Is Software Piracy Married to the Mob?

♠ Posted by Emmanuel in , at 3/13/2009 06:18:00 AM
My post below on software piracy buoying video game console sales has prompted me to warn about the potential downsides of software piracy. Those studying marketing have noted the curious divide between stealing hardware (such as by shoplifting electronics), and stealing software (by downloading copyrighted content). Many people who not be caught dead doing the former do the latter without afterthought, thinking that it's a "victimless crime." In the digital age where more and more products will be of the IP variety, this situation raises legitimate questions. Is there really a difference between stealing physical and intellectual property, or is just a self-serving cognitive illusion? Maybe the philosophers in the audience can weigh in on this weighty matter.

In any event, the RAND Corporation gives more reason to be wary of piracy. In particular, pirated film titles my be funding the operations of a number of criminal enterprises, including India's nefarious D-Company run by Dawood Ibrahim. You can download the report and view the summary from which the following excerpt is taken. Truly, it is a case of caveat emptor:
Organized crime increasingly is involved in the piracy of feature films, with syndicates active along the entire supply chain from manufacture to street sales of pirated movies, according to a new RAND Corporation report.

While crime syndicates have added piracy to criminal portfolios that include drugs, money laundering, extortion and human smuggling, the profits from film piracy also have been used on occasion to support the activities of terrorist groups, according to researchers.

"Given the enormous profit margins, it's no surprise that organized crime has moved into film piracy," said Greg Treverton, the report's lead author and director of the Center for Global Risk and Security at RAND, a nonprofit research organization. "The profits are high and penalties for being caught are relatively low..."

Because of its image as a victimless crime and the fact that those who buy are complicit in the crime, information about counterfeiting is sparse and information about the involvement of organized crime sparser still, Treverton said. Because most instances of counterfeiting go unaddressed, there is reason to believe that the more formal data, like arrests and convictions, understate the extent of counterfeiting.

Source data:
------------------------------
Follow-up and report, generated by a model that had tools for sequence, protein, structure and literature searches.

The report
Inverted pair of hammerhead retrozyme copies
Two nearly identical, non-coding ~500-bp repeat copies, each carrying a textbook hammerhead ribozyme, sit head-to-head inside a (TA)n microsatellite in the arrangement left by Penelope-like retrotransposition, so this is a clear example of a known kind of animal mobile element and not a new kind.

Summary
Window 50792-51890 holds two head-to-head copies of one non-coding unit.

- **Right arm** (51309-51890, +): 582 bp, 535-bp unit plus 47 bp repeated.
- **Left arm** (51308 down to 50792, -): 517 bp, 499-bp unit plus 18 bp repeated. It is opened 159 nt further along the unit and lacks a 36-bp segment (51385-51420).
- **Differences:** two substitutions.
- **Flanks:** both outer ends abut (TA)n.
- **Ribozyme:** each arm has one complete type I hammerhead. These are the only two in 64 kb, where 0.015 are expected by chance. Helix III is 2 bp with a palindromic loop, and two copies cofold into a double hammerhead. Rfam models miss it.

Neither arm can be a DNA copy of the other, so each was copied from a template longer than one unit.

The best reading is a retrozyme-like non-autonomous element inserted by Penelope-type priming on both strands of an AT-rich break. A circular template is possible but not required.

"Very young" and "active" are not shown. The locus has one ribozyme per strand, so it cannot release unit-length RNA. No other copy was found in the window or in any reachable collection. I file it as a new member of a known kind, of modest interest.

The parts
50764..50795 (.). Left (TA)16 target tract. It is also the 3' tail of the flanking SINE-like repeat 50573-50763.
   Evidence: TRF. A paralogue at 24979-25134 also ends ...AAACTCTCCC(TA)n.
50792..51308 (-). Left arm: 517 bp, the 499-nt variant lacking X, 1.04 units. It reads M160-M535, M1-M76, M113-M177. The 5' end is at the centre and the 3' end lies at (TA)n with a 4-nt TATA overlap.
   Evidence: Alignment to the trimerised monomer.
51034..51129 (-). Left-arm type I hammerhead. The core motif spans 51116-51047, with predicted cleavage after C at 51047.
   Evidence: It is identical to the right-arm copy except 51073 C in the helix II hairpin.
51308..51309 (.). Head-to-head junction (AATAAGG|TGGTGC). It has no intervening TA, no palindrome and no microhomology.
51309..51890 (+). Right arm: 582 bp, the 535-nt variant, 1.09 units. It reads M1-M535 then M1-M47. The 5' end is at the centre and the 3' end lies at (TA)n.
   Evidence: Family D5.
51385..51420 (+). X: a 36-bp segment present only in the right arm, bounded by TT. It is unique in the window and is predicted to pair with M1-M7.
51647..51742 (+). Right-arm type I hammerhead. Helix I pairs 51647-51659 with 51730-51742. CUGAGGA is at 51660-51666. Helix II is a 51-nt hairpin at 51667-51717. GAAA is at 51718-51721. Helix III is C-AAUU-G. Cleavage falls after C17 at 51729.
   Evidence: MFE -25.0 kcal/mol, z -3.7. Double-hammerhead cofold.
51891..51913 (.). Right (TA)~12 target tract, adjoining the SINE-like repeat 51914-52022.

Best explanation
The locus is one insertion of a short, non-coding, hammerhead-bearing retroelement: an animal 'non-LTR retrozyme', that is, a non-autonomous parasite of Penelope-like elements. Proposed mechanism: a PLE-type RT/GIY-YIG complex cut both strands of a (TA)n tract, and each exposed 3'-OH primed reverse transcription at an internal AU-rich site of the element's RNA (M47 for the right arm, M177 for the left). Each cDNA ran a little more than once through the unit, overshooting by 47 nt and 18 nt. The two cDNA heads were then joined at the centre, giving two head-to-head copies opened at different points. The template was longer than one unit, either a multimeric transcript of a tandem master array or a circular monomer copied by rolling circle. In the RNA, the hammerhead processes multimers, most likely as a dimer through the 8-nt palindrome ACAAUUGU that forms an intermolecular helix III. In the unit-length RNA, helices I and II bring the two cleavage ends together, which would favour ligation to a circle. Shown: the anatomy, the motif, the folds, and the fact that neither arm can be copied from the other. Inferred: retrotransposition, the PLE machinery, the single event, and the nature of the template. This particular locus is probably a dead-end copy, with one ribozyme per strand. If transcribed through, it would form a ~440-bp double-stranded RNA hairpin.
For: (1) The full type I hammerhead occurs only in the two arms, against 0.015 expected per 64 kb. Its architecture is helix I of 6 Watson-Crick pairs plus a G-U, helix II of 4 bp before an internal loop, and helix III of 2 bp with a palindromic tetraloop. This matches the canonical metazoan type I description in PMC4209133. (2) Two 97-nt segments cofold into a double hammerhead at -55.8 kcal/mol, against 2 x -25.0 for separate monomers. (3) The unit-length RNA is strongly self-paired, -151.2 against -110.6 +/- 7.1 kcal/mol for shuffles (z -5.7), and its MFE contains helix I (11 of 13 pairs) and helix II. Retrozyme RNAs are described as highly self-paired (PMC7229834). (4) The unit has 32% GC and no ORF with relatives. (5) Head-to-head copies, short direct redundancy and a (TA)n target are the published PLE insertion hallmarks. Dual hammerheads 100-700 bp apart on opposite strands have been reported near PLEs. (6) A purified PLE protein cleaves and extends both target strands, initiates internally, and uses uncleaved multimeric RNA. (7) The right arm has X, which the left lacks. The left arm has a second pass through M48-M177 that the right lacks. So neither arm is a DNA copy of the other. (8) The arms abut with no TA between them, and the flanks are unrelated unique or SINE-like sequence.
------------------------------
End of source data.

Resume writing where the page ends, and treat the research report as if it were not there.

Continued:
The RAND report outlines three cases where film piracy has helped support terrorist groups:

* Historically the best documented case involves the Irish Republican Army that used many criminal activities, including film piracy, to support its efforts to drive the British from Northern Ireland. A political agreement in 1998 ended its violent acts, but at least parts of the IRA continue to operate as a criminal enterprise that remains involved in counterfeiting activities.

* The D-Company is an organized crime group active for generations in India. Since the 1980s, it has been the major syndicate involved with film piracy in India. The group was transformed into a terrorist organization when it carried out the "Black Friday" bombings in Mumbai in 1993 that killed more than 257 people and injured hundreds more. It continues to advance a political agenda with its actions funded at least partly by the proceeds of crime.

* Another case involves the tri-border area of Brazil, Argentina and Paraguay that has emerged as the most important financing center for Islamic terrorism outside of the Middle East, channeling $20 million annually to Hezbollah. At least one transfer of $3.5 million was made to Hezbollah by known DVD pirate Assad Ahmad Barakat, who received a thank-you note from the Hez­bollah leader. Barakat was labeled a "specially designated global ter­rorist" by the U.S. government in 2004.
It's certainly interesting stuff.